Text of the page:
Day 8 -  Our grand finale also included an appropriately "now or never" breakfast before we headed out to the Opera Garnier walking past the Palais Royale (mostly enclosed in covered scaffolding for renovations) and then a surprising Japanese district hidden away on Rue Sainte-Anne on our way.

Honeymoon - Day 8 Opera & Le Grand FinaleHoneymoon - Day 8 Opera & Le Grand Finale
Honeymoon - Day 8 Opera & Le Grand Finale

The Opera is undergoing some renovations of its own, and I was concerned that they might impact our visit. Luckily no - the Opera Garnier was as magnificent as ever, from grand staircase to petite bibliotheque with set models embedded into its bookcases with glass windows for viewing the tiny operatic worlds.

Honeymoon - Day 8 Opera & Le Grand Finale

Post-Opera, we dedicated ourselves to some shopping - we were in Paris after all and just around the corner from Galeries Lafayette and loads of other stores. With successful purchases in hand, we tried to make a late lunch at La Cordonnerie - Trip Adviser's #1 restaurant in Paris - unfortunately only open for dinner. We made plans to return  but needed to seek out sustenance in the meantime.

Our rambling walk took us by Place Vendome and a previous Paris stay at the Park Hyatt, then onto the Grand Cafe on the Boulevard Capucines for their "tea hour." Tea hour came with a special of any coffee or tea drink with a dessert of your choice. Definitely a French Happy Meal. D. thought this to be a great plan for implementing at home - skip lunch and eat a giant dessert instead.

Our giant desserts were superb. Dan ordered a grand assortment - featuring a miniature version of every dessert on the menu. I stuck with a strawberry tart. All was thoroughly enjoyed before stepping out for even more shopping.

As shops began to close, we hiked back over to La Cordonnerie for a dinner we could already smell wafting out of the kitchen and down the street. Unfortunately there were no tables available that evening. No tables! So that dinner we were smelling wasn't ours.

Thus commenced a long walk through Tuileries and across the bridge to Cafe Voltaire which we had tried earlier in the week (ferme) but knew to be open now. D. made a reservation for us at 9, and we walked down the block for two beers while we waited. The sunset over the Seine was spectacular.

Honeymoon - Day 8 Opera & Le Grand Finale

Dinner back at Cafe Voltaire was a grand finale to say the least. We began with a cassoulet of escargots - snails removed from their shells and bathed in a soup bowl of butter, garlic & parsley which we heartily slurped and mopped up with every crumb of bread in the basket.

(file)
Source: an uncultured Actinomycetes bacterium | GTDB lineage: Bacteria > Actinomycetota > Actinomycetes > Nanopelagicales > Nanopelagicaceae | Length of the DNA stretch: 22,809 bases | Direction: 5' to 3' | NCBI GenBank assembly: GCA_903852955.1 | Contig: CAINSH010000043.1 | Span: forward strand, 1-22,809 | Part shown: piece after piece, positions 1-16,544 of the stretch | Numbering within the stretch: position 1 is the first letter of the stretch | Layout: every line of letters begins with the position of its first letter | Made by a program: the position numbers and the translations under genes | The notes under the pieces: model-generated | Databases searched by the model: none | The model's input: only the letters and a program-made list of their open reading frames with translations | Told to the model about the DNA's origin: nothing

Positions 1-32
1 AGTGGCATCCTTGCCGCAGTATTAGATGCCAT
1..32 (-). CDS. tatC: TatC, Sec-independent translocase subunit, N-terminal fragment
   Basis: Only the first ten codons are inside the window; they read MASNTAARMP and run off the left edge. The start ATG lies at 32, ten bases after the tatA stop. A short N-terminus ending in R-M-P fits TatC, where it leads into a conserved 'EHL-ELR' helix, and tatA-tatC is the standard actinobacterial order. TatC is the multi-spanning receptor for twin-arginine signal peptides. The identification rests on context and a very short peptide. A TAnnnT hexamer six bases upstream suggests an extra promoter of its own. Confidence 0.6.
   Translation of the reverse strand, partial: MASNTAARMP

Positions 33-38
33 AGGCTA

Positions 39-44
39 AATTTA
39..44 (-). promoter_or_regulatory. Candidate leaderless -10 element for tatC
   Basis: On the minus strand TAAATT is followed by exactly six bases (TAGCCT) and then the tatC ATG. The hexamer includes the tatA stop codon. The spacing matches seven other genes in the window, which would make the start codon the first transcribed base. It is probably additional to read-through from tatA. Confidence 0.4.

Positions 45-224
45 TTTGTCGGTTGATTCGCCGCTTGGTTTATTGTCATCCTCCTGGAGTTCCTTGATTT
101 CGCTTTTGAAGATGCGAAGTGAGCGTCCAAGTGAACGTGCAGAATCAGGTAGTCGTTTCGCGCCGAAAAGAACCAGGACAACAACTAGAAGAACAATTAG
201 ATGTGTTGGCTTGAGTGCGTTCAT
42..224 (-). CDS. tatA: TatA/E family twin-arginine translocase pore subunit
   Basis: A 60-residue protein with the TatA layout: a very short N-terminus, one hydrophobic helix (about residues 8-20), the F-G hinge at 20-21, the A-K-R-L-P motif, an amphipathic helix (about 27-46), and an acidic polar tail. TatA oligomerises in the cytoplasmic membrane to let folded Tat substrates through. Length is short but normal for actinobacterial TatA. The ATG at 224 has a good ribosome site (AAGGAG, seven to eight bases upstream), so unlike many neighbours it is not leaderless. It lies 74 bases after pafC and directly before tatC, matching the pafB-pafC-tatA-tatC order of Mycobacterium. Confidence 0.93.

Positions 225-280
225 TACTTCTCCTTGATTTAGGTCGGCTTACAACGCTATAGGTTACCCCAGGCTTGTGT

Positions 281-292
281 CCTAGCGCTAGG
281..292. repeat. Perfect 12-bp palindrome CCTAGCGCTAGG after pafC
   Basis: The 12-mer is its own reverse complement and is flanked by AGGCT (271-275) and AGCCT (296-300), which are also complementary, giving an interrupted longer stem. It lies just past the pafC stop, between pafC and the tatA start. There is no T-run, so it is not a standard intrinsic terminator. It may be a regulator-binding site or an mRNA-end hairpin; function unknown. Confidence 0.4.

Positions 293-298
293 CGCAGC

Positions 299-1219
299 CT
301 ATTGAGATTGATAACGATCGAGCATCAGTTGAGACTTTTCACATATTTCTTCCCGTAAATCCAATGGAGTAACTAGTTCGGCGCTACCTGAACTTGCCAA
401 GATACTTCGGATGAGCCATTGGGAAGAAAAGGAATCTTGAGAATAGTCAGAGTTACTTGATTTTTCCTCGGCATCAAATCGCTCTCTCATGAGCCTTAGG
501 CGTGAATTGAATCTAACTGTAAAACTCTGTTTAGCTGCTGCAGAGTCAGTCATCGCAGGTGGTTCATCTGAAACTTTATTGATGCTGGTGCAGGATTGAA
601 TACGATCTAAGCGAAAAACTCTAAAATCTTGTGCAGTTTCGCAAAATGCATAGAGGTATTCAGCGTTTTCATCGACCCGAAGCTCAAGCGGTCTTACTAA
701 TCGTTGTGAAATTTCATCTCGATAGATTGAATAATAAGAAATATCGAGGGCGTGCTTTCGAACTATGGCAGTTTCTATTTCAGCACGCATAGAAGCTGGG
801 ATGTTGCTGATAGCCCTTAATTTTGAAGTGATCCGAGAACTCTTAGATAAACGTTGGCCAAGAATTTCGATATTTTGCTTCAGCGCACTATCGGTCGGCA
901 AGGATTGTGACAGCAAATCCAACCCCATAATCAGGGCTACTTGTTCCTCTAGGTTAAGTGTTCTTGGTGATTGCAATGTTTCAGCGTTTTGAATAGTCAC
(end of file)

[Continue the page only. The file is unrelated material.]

For our plat - a côte de bœuf for deux (2). Elaborate, extreme a dish out of some mid-century restaurant preserved only in France - essentially the perfect honeymoon choice. The beef was grilled with thyme and arrived at our table perfectly medium rare and meltingly tender. Along with it, sides of grilled butter-coated mushrooms (also sprinkled with thyme), a small dish of mashed potatoes and another of pureed carrots along with a crispy mound of pommes frites and a side of bernaise (our special request - we like butter on our butter). I ate and ate and ate. I ate until I was nearly sick, and then ate some more. We split an earthy burgundy, Chateau Panet from the year we met and savored every drop and every morsel as boats passed by on the river below.

Honeymoon - Day 8 Opera & Le Grand Finale

Our ambition gave out before the steak was finished and when the waiter came to clear it away, our request for two cafes became for two cafes and chocolate mousse for deux, which was presented in a large china bowl with a silver spoon and a side of assorted cookies. The raspberry meringues were my favorites.

This meal was epic - we'll never forget it - and it required a long walk back to the hotel to even begin to temper its effects.

Although I wish we could have dropped of into a happy food coma dreamland, our early flight necessitated staying up and packing before catching a cab to Charles de Gaulle at three a.m. This may or may not have been necessary or reflective of our correct flight time, but I'll leave that to my husband to sort out.

This trip was fantastic - the wedding and the week leading up to it; divine. I'm still not quite sure how to re-acclimate to normality after three weeks of complete and total joy. I know life will pick up and move on, but I hope to hang on to the perspective given by rising to such heights and use it to point us towards our next adventure.

Honeymoon - Day 8 Opera & Le Grand Finale

Tuesday, October 12, 2010

Lune de Miel - Part VIII - Le Louvre